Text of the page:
Ohio State coach Ryan Day: Character counts more than ever recruiting in a pandemic

Ohio State head coach Ryan Day, left, talk with quarterback Justin Fields during the second half of their NCAA college football game against Nebraska Saturday, Oct. 24, 2020, in Columbus, Ohio. Ohio State defeated Nebraska 52-17. (AP Photo/Jay LaPrete)
Ohio State head coach Ryan Day, left, talk with quarterback Justin Fields during the second half of their NCAA college football game against Nebraska Saturday, Oct. 24, 2020, in Columbus, Ohio. Ohio State defeated Nebraska 52-17. (AP Photo/Jay LaPrete)

Credit: Jay LaPrete

Credit: Jay LaPrete

When the early signing period commences Wednesday, Ohio State football is expected to do something it has done nine of the previous 10 years: Sign the top-ranked recruiting class in the Big Ten.

Coach Ryan Day’s class numbered 21 players as of Tuesday afternoon and was No. 2 in the nation (behind Alabama) according to both Rivals and 247Sports Composite rankings.

The coronavirus global pandemic halted many activities in sports (and beyond) in the middle of March, but not Ohio State’s recruiting juggernaut.

“Yeah, it’s been a different type of challenge,” Day said of putting together a recruiting class with contact limited mostly to phone calls, texts and video conferences. “Usually it’s jumping on planes and flying all across the country and going from school to school. This year it’s been being able to connect with families and recruits that you just haven’t been able to spend much time with and bring on visits and do those type of things, so that’s that’s been challenging.”

More than half of the members of the class committed after the sports world mostly shut down in the middle of March, a group that came from across the country and kept Ohio State’s recruiting momentum going through the spring and summer despite Day and his staff not being able to show off some of the strongest parts of what they have to offer a high school prospect.

“One of the greatest things for these recruits is being able to come on campus, spend time on our campus with our coaches. with our players with our staff,” Day said. “Being around the campus and to see what it’s like, being at a game — all those things were being missed out — and those are some of our biggest selling points, so it’s just been a different challenge in order to sell that and talk to them about that and present that to the families.”

Prior to the pandemic, Day had already put in place some significant building blocks.

That began with a commitment on Feb. 3, 2019, from Jack Sawyer of Pickerington North in the Columbus suburbs.

Already a highly regarded defensive line prospect then, Sawyer has remained a five-star prospect throughout and is the No. 4 player in the country according to the 247Sports Composite.

Day also added quarterback Kyle McCord, a five-star prospect from Philadelphia St. Joseph’s, early in the process and snapped up four-star Ohioans Jayden Ballard of Massillon Washington, Reid Carrico of Ironton and Ben Christman of Richfield Revere before the summer of 2019 was over.

“You want to have somebody who not only has the respect of the other recruits because of their ability, but more importantly how they handle themselves,” Day said of the importance of starting the class out with players who can then become some of his best recruiters. “And then it’s not just the recruit, it’s their families. In a perfect world, you sign somebody on one side of the ball and then you sign somebody the other side of the ball who’s really kind of their Pied Piper who are going to give great feedback on who these guys are.”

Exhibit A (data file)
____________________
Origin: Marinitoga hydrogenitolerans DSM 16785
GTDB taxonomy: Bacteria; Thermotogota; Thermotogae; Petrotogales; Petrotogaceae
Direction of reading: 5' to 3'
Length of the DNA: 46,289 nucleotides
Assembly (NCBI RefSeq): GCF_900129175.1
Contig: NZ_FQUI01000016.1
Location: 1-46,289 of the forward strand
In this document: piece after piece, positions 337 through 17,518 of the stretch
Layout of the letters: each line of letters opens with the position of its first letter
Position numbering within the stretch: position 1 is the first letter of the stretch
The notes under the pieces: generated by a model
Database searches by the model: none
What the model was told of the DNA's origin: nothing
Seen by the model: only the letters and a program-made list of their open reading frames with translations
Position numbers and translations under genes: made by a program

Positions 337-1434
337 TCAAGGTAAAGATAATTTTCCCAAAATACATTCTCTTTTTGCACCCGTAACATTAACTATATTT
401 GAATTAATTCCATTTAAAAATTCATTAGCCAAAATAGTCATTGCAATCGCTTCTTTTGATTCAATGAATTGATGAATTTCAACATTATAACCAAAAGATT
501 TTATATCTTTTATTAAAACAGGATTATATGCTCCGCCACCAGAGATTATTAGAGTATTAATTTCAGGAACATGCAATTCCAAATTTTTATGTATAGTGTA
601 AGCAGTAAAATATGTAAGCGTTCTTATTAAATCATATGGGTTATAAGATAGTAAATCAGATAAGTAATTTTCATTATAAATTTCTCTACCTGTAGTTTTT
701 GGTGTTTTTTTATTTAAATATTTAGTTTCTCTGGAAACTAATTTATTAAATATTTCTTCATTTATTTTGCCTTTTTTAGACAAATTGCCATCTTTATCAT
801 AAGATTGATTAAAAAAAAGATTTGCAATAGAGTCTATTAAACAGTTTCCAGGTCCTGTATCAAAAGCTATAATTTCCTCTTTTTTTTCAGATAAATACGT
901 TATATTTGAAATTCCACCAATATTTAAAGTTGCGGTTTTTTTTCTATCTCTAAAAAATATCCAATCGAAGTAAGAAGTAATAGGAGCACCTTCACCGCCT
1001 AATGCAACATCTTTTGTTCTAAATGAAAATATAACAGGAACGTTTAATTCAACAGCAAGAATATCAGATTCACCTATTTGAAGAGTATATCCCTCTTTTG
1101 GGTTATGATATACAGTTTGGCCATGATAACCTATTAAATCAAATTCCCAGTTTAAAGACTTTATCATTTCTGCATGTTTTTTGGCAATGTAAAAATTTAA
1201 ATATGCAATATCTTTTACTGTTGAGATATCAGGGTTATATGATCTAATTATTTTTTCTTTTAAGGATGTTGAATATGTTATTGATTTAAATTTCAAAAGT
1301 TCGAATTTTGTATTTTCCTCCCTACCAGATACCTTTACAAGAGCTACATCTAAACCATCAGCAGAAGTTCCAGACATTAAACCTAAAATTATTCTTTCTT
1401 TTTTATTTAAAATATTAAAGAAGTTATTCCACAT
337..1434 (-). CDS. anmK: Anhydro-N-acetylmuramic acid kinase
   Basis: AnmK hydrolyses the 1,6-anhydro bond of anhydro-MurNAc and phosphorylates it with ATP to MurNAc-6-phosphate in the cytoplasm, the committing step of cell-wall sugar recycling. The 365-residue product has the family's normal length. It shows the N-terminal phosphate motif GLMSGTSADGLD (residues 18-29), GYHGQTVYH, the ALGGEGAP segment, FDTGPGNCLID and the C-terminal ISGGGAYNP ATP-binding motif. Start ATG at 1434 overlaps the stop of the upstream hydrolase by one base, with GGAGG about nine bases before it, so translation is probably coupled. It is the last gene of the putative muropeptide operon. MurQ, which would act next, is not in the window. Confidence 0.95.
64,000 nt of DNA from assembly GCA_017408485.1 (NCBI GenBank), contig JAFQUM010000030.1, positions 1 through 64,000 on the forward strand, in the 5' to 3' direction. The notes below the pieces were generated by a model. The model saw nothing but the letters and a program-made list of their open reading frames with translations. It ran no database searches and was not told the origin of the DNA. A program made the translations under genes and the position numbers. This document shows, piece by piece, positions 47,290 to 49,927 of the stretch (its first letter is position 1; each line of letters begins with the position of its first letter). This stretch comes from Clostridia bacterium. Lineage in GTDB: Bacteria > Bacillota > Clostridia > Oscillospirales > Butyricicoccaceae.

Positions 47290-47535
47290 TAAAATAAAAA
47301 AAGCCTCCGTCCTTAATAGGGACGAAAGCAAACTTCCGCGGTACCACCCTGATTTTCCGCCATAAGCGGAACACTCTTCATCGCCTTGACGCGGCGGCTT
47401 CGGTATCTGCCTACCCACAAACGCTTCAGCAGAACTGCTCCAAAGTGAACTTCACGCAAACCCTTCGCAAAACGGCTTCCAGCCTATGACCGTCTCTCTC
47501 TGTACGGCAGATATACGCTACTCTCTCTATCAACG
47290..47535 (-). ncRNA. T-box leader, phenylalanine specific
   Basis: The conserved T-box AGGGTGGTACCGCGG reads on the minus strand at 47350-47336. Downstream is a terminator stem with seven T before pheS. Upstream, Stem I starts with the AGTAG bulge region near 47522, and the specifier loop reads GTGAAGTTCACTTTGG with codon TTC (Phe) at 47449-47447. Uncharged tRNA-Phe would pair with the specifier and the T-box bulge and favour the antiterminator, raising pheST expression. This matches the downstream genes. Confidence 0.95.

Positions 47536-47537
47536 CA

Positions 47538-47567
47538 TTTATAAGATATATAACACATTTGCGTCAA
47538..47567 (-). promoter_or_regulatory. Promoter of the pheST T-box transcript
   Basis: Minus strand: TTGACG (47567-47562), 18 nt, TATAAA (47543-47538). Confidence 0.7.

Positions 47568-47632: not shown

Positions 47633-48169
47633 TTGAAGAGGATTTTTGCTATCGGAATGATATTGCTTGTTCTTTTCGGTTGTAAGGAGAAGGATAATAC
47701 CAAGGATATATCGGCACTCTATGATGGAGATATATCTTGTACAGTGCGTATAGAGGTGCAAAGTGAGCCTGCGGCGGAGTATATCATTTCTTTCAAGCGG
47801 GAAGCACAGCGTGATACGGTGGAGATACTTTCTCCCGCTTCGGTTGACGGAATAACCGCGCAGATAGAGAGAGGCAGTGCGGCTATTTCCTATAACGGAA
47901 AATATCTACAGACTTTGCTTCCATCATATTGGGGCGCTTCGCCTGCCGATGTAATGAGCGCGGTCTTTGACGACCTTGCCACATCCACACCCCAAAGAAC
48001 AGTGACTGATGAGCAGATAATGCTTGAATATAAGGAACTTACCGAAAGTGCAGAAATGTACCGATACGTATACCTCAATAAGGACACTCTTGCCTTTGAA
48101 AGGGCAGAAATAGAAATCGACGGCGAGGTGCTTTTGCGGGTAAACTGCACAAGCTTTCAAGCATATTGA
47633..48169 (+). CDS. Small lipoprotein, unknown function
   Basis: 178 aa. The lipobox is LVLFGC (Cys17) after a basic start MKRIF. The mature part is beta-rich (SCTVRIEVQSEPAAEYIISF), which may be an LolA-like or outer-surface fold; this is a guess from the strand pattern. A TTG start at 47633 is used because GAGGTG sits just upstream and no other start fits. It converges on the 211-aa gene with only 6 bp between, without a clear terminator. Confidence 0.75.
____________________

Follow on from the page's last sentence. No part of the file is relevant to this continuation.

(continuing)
Having members of the class act as extra eyes and ears of the coaches is crucial in any year because players have unlimited access to each other while coaches do not, but it was even greater this year with off-campus recruiting and on-campus visits curtailed.

“They’re in contact with these guys way more than we are, so they’re giving us information about what they’re doing on social media, what they’re saying in the text rooms, all those things, and that’s really important because for us to fit with who we are and the culture fit, that’s what matters,” Day said. “And we did a good job in this class of identifying that early on and then building from there. That’s kind of a blueprint for us.”

If all who are committed sign, Ohio State will add a quarterback, two running backs, four wide receivers, three offensive linemen, three defensive linemen, a linebacker, five defensive backs, a punter and one classified as an “athlete.”

This is the second year in a row Ohio State will add large groups or receivers and defensive backs, and McCord will be the third highly regarded quarterback to sign with Ohio State in two years.

He will join 2020 four-star prospects C.J. Stroud and Jack Miller, who are expected to compete to replace Justin Fields as the starter if he leaves early for the NFL Draft.

Thirteen different states are represented in the class, including six Ohioans, two from Pennsylvania and two from Virginia.

“With everything going on right now, you ought to make sure you bring in the right people,” Day said.

“We have plenty of talent. We have really good coaches, but we have to make sure we bring in the right fit character-wise. And a lot of times if you want to come to Ohio State it’s because you want to be great. And I think this class wants to be great. They said it from the jump, and we’re looking forward to signing them on Wednesday.”

SATURDAY’S GAME

Ohio State vs. Nortwestern, Noon, Fox, 1410

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